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Imagining Europe as a Global Player

The Ideological Construction of a New European Identity within the EU

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Christoffer Kolvraa

This book argues that since 2001 the primary discursive context for articulating a European identity within the EU has increasingly become the idea of a common foreign policy for Europe. A new grand project of making Europe a true global player is being put forth and it is this as yet unrealised ideal that European citizens are now being asked to identify with.
The author examines European identity as an ideological construction that seeks to elicit emotional and affective attachment to the political project of realising a utopian ideal. He unravels the discourses involved in the construction of European identity by drawing on theories and methods from discourse analysis, the study of political myths, narratology and psychoanalysis. The European Neighbourhood Policy is studied in detail, with a focus on the dynamic challenges that ensue when grand ideological statements have to be implemented in a concrete and specific context.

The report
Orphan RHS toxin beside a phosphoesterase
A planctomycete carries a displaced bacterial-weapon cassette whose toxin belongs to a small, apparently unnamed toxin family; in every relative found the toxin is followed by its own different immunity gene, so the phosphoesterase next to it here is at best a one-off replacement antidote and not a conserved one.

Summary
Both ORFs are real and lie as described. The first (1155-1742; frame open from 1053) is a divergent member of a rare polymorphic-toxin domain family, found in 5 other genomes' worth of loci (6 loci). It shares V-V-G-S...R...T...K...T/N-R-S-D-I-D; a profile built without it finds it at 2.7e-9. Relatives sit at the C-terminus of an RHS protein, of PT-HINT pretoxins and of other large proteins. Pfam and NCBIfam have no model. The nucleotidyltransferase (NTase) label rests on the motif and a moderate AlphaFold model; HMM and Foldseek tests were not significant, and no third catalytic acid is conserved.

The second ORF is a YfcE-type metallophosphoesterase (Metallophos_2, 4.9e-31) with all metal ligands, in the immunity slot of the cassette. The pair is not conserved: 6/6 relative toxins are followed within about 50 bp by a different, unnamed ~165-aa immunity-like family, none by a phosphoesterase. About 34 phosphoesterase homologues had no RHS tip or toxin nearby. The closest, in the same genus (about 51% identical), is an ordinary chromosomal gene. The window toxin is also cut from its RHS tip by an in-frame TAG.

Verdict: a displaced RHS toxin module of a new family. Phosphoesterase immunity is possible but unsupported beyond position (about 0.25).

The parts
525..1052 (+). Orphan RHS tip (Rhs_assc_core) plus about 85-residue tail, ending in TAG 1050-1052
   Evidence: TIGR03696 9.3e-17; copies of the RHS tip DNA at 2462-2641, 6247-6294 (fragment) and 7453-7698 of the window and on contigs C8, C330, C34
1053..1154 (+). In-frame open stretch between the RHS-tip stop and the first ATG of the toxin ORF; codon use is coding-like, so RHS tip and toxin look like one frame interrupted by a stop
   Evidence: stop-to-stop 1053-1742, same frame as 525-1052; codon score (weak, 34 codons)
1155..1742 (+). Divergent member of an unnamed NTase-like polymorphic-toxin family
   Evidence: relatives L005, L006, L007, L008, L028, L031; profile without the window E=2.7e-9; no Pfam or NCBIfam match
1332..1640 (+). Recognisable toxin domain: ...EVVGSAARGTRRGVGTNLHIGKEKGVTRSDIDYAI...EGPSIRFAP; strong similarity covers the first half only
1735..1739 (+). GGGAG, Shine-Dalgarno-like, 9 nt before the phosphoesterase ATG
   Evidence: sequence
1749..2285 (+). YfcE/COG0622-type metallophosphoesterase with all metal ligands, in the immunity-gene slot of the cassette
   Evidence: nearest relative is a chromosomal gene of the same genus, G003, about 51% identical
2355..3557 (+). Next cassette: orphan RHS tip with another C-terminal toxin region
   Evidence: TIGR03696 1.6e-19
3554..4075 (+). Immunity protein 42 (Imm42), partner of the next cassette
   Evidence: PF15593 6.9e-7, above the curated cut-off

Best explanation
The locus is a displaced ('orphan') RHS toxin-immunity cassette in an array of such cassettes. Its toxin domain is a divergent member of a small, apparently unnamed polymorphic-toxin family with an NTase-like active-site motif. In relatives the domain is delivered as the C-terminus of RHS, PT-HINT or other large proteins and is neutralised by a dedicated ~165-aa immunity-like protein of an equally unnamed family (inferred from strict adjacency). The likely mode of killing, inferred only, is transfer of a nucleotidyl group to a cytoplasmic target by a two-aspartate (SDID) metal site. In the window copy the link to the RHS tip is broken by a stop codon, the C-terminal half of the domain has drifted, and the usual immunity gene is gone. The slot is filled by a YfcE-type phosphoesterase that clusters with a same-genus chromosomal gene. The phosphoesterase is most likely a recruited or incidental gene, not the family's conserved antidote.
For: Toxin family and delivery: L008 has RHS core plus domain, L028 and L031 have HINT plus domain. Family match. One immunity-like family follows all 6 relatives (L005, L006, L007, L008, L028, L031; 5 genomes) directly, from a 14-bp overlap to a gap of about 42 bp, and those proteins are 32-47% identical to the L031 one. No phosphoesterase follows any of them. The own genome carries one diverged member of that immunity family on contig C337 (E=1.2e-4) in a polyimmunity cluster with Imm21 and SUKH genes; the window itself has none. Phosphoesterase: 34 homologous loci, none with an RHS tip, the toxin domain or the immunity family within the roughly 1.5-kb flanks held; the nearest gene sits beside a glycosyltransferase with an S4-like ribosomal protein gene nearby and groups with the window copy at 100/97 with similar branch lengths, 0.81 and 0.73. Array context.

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CONCLUSION - The Ideology of a Global Player 237

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237 CONCLUSION The Ideology of a Global Player Europe is not what it once was. This is not only the central plotline of the mythical narratives residing at the heart of the ideological con- struction of European identity, but also the core claim that I have arrived at through this analysis. I have endeavoured to show what I believe is a significant ideological development in the construction of European Identity; that Unity in Diversity Europe is in these years being extended and re-invigorated by a new ideological project and utopia – that of becoming a Global Player. Unity in Diversity Europe has at its basis the idea that European in- tegration more than anything else is a grand internal peace-project for the “old continent”. EUrope is not simply an advantageous economic organisation of the continent, nor is it a mere neo-functionalist exercise of building institutions along the path of least resistance. The Founding Fathers, it is claimed, always had more in mind. But this “more” is not a notion of a common homogenous European culture. Europe is not a nation-state, and can ill afford to try to become one. In fact the condi- tions of possibility for articulating a community of Europe are tied to the careful avoidance of any contradiction arising between national and European identity. Notions of homogenous culture at the European level are not an option, since this would fundamentally challenge the idea of original and individually particular cultures at the level of the European nations. Unity in...

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